In the beauty universe, you know you’ve reached peak adulthood once you’ve amassed a full collection of makeup brushes and know how to use each one correctly. But not all of us have a personal makeup brush guide to help us get there, so if you’re still applying powder eye shadow with your fingers, we get it. With so many makeup brush shapes and sizes on the market, it’s hard to know where to start. Who has the time to sit down and memorize which brush does what (and which ones you actually need)?
That said, it is quite useful to have multiple makeup brushes in your arsenal. After all, according to Kristine Cruz, senior makeup artist at Antonio Prieto Salon, using the wrong brush can throw off your whole look. “Makeup brushes are specifically made to target certain areas of the face,” she says. So if you choose one that’s too big or the wrong shape it won’t place the product where you want it or apply it in a natural way. It’s truly amazing how much better your makeup can look just by using the right brushes.
Now there are so many incredibly useful sorts of makeup brushes out there, but not every last one is necessary to your collection. This foolproof makeup brush guide covers just the need-to-know basics. Keep scrolling to learn which brushes are worth having in your collection and how to use them!
A powder brush has long, fluffy, and soft bristles made to distribute loose powder evenly across your face without dispensing too much product and making your makeup look cakey. Depending on the size, you could also get away with applying blush or bronzer with this type of brush.
A blush brush is smaller than a powder brush and features a dome shape with long, super-soft bristles. This brush allows you to apply more concentrated product than a powder brush, while still allowing you to blend and build color.
These types of brushes are great because they’re super versatile. You’ll recognize a Kabuki brush by its flat top and ultra-soft, voluminous bristles, which work for applying powder, bronzer, or blending out pretty much any product.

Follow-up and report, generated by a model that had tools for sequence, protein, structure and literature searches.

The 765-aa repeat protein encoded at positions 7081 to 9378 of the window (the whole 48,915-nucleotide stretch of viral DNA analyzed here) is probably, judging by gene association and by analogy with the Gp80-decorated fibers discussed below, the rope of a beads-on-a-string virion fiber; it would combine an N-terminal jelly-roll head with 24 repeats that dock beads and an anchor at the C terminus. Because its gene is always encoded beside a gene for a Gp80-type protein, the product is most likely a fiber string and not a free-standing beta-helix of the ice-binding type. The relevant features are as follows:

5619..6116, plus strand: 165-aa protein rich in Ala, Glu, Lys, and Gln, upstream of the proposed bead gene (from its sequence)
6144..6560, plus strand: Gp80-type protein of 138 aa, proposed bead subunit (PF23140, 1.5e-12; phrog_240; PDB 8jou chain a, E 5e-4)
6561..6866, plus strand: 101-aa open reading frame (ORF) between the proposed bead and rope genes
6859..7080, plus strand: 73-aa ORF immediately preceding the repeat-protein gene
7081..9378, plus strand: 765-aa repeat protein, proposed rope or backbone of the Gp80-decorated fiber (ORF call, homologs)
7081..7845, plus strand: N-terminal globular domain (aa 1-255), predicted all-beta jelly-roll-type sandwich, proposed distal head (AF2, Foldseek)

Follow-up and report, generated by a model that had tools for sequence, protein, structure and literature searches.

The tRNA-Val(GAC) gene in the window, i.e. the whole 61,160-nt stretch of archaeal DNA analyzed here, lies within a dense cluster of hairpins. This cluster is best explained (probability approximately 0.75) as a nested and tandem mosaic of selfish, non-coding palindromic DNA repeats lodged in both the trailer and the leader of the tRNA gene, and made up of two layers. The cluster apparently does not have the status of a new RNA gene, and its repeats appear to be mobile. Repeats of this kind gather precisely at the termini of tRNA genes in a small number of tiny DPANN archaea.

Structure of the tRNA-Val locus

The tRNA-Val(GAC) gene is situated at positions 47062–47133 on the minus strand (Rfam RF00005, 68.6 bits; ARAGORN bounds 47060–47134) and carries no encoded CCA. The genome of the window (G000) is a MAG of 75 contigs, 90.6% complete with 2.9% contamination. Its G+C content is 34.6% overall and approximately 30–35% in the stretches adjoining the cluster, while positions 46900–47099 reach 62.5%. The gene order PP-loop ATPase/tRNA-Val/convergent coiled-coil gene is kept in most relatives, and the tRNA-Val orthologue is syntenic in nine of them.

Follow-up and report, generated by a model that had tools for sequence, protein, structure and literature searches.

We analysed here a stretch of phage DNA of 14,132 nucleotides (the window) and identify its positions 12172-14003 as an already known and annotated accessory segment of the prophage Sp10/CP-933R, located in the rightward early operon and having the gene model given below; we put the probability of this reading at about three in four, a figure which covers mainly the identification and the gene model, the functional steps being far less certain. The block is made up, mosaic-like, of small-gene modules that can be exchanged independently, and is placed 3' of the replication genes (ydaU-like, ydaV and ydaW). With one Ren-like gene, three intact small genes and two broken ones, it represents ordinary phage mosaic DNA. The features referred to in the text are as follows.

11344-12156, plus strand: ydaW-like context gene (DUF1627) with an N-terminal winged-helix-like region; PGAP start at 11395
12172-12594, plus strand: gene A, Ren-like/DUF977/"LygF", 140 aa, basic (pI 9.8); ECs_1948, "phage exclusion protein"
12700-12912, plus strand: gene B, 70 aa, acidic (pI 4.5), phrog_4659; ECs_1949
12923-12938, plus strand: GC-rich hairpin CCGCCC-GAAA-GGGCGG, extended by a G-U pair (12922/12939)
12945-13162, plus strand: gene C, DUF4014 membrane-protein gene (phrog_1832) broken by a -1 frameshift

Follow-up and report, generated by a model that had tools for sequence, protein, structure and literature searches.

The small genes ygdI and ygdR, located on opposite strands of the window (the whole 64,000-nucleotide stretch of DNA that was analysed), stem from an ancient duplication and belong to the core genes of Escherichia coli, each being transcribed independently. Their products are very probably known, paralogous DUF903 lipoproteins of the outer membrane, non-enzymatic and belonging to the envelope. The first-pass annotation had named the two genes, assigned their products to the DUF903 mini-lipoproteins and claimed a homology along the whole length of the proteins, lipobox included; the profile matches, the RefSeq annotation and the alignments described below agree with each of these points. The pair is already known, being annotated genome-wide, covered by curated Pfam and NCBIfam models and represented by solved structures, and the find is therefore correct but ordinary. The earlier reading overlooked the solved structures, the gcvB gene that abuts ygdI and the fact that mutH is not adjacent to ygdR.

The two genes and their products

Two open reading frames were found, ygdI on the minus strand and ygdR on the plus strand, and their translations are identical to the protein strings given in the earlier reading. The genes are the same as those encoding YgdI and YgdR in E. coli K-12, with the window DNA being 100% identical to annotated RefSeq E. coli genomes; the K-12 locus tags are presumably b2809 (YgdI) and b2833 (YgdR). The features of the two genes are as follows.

There are a few different types of foundation brushes (angled, flat, fluffy, and domed), but this flat foundation brush is a classic. Use this to apply liquid or cream foundation for perfect coverage and a seamless blend.
This exotic looking brush has two key purposes: applying a gorgeous highlight, and cleaning up powder makeup mistakes. Fan brushes have ultralight bristles perfect shaped to run a delicate application of powder highlighter down your cheekbone and on the tip of your nose. It can also be used to dust off excess powder fallout.
These useful little brushes allow you to apply product with precision to the little nooks and crannies of your face, like under your eyes, on either side of your nose, and over a blemish. (Learn more about everywhere you should be applying concealer with this helpful infographic.) You want to look for an antibacterial concealer brush like this one since it will be coming in contact with pimples.
There are basically two types of eye shadow brushes you definitely want to have, and this is one of them. Fluffy (but not too fluffy) and medium-size, this brush works great for applying shadow to the lid and blending it out.
The second type of eye shadow brush you want is small and slightly more pointed at the tip. This shape helps you apply and blend products into the crease of your eye with ease.
There are also quite a few types of eyeliner brushes (smudgers, flat brushes, angled brushes), but a slim, super-fine brush like this is handy for creating thin, precise lines. The bent side of this dual-ended tool is specifically intended for winged liner.
An angled brow brush is ultra handy for applying all kinds of brow products, like pomades, powders, and waxes. The spoolie is essential for grooming your brows and blending the color product once applied. This Benefit pick offers both with the same tool.
A thin, pointed lip brush is so very useful for applying lip color flawlessly, especially dark shades. By applying with a brush, instead of straight from the tube, you can be far more precise with outlining and filling in your lips. A lip brush also lets you build color, which is much harder to do when you apply a lipstick directly.
Read original article by Byrdie.